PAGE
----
The Greek government is becoming more blatant in its call for a cashless society.
Today is another example in a long line of policies designed to push cash out of the hands of the Greek population.
This said Mr. Haris Theocharis , Secretary of Revenue, who stressed that digital platforms are the future of both banks and the tax administration.
He added that in September the government will consider the issue of incentive to move from cash transactions to electronic transactions..
The most disturbing part of the article was this, in referring to the role banks should play in the strategy
certification of citizens electronically.
ie citizens having to be registered with a centralised government/bank system in order to be able to purchase goods and services.
And in case there was any doubt about the goal of eliminating cash from Greece, he then said this
Mr. Panousis said among other things that there should be .. counters that “forced” people to pull out their card to pay. Indeed stressed that the card does not need to be a credit card, but may be the debit that almost all have in our wallet.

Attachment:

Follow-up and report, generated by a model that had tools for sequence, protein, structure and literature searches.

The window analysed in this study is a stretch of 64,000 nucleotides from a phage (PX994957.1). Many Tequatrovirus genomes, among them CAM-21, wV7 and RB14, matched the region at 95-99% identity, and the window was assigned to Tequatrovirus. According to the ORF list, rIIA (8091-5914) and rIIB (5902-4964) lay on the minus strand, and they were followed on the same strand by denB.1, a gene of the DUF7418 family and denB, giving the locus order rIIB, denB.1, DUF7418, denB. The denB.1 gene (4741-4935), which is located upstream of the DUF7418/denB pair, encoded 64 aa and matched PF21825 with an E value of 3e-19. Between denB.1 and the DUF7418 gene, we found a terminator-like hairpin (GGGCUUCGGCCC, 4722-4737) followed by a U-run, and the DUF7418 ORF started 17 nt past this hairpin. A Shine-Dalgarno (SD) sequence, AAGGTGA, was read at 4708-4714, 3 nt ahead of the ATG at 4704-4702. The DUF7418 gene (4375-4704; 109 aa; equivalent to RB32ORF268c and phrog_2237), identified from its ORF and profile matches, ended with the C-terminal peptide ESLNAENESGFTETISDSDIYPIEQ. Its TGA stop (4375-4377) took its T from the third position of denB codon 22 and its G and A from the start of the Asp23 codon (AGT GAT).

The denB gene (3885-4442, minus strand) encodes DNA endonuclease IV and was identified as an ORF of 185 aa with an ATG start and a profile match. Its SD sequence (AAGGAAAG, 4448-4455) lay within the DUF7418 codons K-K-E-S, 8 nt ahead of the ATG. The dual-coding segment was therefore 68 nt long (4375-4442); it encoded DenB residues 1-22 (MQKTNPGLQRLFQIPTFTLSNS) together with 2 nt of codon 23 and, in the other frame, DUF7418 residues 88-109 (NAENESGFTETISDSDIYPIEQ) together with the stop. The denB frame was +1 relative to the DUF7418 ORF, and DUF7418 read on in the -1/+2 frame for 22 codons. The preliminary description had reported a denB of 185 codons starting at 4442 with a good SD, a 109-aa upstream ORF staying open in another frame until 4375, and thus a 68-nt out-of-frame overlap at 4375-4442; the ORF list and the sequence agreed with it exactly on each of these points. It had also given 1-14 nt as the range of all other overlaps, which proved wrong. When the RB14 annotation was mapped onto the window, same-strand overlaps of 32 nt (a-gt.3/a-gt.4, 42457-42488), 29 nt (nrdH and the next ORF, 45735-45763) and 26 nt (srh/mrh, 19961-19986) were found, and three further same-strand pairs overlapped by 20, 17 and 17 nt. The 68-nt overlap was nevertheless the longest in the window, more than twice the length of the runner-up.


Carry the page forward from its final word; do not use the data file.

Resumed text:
Now you may be asking what is the problem with a cashless society.
There are two problems which are immediately evident.
If you are forced to keep you money in the bank then you will be subjected to whatever interest rate the central bank imposes and considering the ECB and Mario Draghi are talking about the possibility of negative interest rates for savers, this should be massive cause for concern for anyone with money in the bank.
The second point has been brought into the light after the Cypriot banking crisis. Governments in Europe have now given themselves permission to decide what happens to depositors cash held in banks outside of the legal system. If you are forced to keep your money you will be at the whim of politicians and bankers whose motives in seizing your cash will be to “preserve the stability of the currency” or in other words “for the greater good”.
A phrase that should worry any hard-working serf especially when the words are uttered by one of their elected representatives, or unelected as the case may be.